Oral health of pets is of great importance to us here at Hanover Veterinary Hospital. We take great pride in advocating to start pets on a dental hygiene regimen as early as possible. However, even with the most compliant owners, we still suggest a dental checkup under anesthetic as we have no way of checking diseases lurking underneath the gum line in an awake pet. This week I was able to assist Dr. Curtin in doing my own dog’s dental. Curious to see what your fluffball’s dental look like compared to yours? Here’s a typical day in the dental suite.
Every dental exam/surgery start with a physical exam, and ideally, pre-anesthetic blood work to determine additional risks and adjust drugs and doses accordingly. An intravenous catheter is placed, and IV fluid is started to maintain proper blood pressure and hydration. Once they have been sedated, induced, and intubated under general anesthesia, patients are hooked up to monitors, and a designated surgery technician is responsible for checking their values regularly throughout the entire procedure.
Step 1: Procedure begins with taking dental radiographs to check on the status of the mouth, more specifically to inspect areas that are below the gum line including periodontal space, underlying bone, the presence of unerupted teeth, periapical lysis, etc.
Figure 1. On left, the tube head concentrates the x-ray beam to the desired area while the plate is wedged inside the pet's mouth. This machine is identical to what your dentist has at his/her office and requires absolute stillness to take accurate radiographs.
2. Next up, the veterinarian performs dental charting, periodontal probing and record gross clinical observations. Information gathered from the dental radiographs, and dental probing is reconciled, and dental/ surgical recommendations are made.
Figure 2. Below, you can see the visible part of Casper’s upper and lower incisors and on the right, is a radiograph of her lower teeth. See how her lower incisors do not look that diseased in the photo? However, if you compare it to the radiograph, you will see vertical bone loss and mottled appearance of the underlying bone. On dental probing these incisors had deep pockets and mobility of 2-3. Yikes! Those must be removed!
Figure 3. On right, during the exam we take six pocket measurements of the entire tooth, front and back, check for mobility, gum recession, furcation exposure, etc. Mucosa, gum health, and any other visible abnormalities are also noted.
3. Veterinary technicians clean using ultrasonic cleaners. Visible tartar is removed during this process and is followed up with polishing to smoothen enamel scratches that may attract bacteria.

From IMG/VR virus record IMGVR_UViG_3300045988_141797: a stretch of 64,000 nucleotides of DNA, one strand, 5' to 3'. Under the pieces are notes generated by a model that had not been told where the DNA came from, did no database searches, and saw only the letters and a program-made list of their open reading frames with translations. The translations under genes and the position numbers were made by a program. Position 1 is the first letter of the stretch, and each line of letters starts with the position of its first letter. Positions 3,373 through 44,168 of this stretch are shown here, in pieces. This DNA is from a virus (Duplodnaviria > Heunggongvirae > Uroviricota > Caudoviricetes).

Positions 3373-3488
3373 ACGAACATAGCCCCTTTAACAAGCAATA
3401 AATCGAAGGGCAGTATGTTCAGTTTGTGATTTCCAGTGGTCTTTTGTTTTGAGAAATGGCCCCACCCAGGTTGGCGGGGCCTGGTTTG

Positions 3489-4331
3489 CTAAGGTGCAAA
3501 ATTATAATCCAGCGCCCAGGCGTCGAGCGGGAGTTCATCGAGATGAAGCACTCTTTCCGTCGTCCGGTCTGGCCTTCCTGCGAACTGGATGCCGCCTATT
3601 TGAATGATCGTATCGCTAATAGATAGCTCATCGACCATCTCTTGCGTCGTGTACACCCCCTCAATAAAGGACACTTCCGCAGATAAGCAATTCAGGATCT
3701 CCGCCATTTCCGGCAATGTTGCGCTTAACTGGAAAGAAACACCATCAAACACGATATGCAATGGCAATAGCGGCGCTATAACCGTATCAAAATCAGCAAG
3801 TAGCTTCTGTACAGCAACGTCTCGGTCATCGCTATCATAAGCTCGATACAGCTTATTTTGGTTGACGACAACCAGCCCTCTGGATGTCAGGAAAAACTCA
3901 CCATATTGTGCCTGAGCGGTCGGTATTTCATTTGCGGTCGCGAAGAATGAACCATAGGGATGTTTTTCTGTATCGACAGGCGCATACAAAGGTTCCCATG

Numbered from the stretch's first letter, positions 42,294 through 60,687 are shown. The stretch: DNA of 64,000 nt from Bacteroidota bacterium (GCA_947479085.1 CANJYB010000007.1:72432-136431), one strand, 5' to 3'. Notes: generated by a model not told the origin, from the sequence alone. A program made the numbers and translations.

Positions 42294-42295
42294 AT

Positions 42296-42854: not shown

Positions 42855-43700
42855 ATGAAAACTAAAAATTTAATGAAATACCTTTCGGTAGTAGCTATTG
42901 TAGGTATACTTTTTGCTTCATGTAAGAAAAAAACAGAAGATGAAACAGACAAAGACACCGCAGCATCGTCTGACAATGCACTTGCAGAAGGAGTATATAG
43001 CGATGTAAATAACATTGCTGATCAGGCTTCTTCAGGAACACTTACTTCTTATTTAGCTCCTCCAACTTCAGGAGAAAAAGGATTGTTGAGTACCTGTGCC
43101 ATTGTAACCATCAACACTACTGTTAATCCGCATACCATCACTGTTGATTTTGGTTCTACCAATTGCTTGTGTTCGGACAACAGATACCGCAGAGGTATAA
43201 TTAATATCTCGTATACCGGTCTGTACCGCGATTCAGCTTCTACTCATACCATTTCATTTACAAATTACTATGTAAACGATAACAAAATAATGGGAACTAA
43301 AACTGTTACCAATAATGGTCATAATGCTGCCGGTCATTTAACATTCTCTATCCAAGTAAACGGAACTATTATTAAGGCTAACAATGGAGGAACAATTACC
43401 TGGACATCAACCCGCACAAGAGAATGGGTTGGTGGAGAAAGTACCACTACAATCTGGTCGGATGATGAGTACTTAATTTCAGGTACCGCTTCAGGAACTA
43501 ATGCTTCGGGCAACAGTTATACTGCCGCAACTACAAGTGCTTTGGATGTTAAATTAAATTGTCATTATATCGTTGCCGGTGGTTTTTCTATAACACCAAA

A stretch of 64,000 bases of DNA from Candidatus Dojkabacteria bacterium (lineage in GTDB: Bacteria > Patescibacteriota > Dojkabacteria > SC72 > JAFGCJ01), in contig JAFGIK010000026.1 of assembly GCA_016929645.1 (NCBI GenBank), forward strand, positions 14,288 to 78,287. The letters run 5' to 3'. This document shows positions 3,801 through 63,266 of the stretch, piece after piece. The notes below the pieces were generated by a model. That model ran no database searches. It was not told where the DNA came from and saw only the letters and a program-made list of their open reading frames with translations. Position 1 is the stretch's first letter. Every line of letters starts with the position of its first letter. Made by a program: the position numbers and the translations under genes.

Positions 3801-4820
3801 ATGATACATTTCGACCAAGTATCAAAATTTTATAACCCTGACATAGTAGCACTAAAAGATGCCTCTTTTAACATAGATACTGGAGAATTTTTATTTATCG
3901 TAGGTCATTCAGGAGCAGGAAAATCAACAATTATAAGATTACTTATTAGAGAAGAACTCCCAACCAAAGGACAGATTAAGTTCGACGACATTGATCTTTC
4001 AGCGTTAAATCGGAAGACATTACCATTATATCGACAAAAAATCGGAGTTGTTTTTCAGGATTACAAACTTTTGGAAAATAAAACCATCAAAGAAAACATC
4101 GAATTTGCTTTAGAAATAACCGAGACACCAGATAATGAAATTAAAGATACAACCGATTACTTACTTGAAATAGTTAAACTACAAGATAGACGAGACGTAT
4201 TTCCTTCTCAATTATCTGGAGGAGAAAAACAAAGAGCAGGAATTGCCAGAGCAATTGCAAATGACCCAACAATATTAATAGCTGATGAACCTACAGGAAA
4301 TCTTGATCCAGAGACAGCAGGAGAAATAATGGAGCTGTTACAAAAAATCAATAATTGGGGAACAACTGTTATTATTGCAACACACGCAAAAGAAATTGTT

4. Local blocks are placed to “freeze” the nerves around the tooth/teeth that need to be extracted. We are now ready for surgical extractions!
Figure 4. On left, Dr. Curtin is using a tapered fissure bur to section off multirooted tooth for extraction as a single root. This step makes it easier to remove the tooth and keep the entire root intact on its way out.
5. Radiographs are taken before closing/ stitching to check for retained/broken roots.
Figure 5. Casper's premolars 1 and 2 were removed successfully! No root tips were left behind confirmed by radiograph before closing. Remember that retained roots can still be a source of great pain and infection. So, this step is a definite must!
6. We are now ready to stitch her gums up with a thin absorbable suture to prevent excessive irritation.
Figure 6. On left, after proper curetting to remove diseased tissues, Casper was stitched up.
7. Recovery and discharge. Ensure pain-free status and set the client up for success at home.
Figure 7. On right, Casper's before and after shot! What a difference dental cleaning makes!
Figure 8. Below, Casper was given anti-inflammatory and pain meds to ensure she is comfortable after undergoing major surgery. Clients are also strongly advised to keep their pets quiet and provide soft food for the first little while until their stitches are all healed up.
Casper recovered well the day after her surgery and had a voracious appetite. Increased appetite after a dental seems to be common as pets are freed from pain and discomfort. See, dentals do not have to be scary, and it can significantly improve the quality of a pet's life.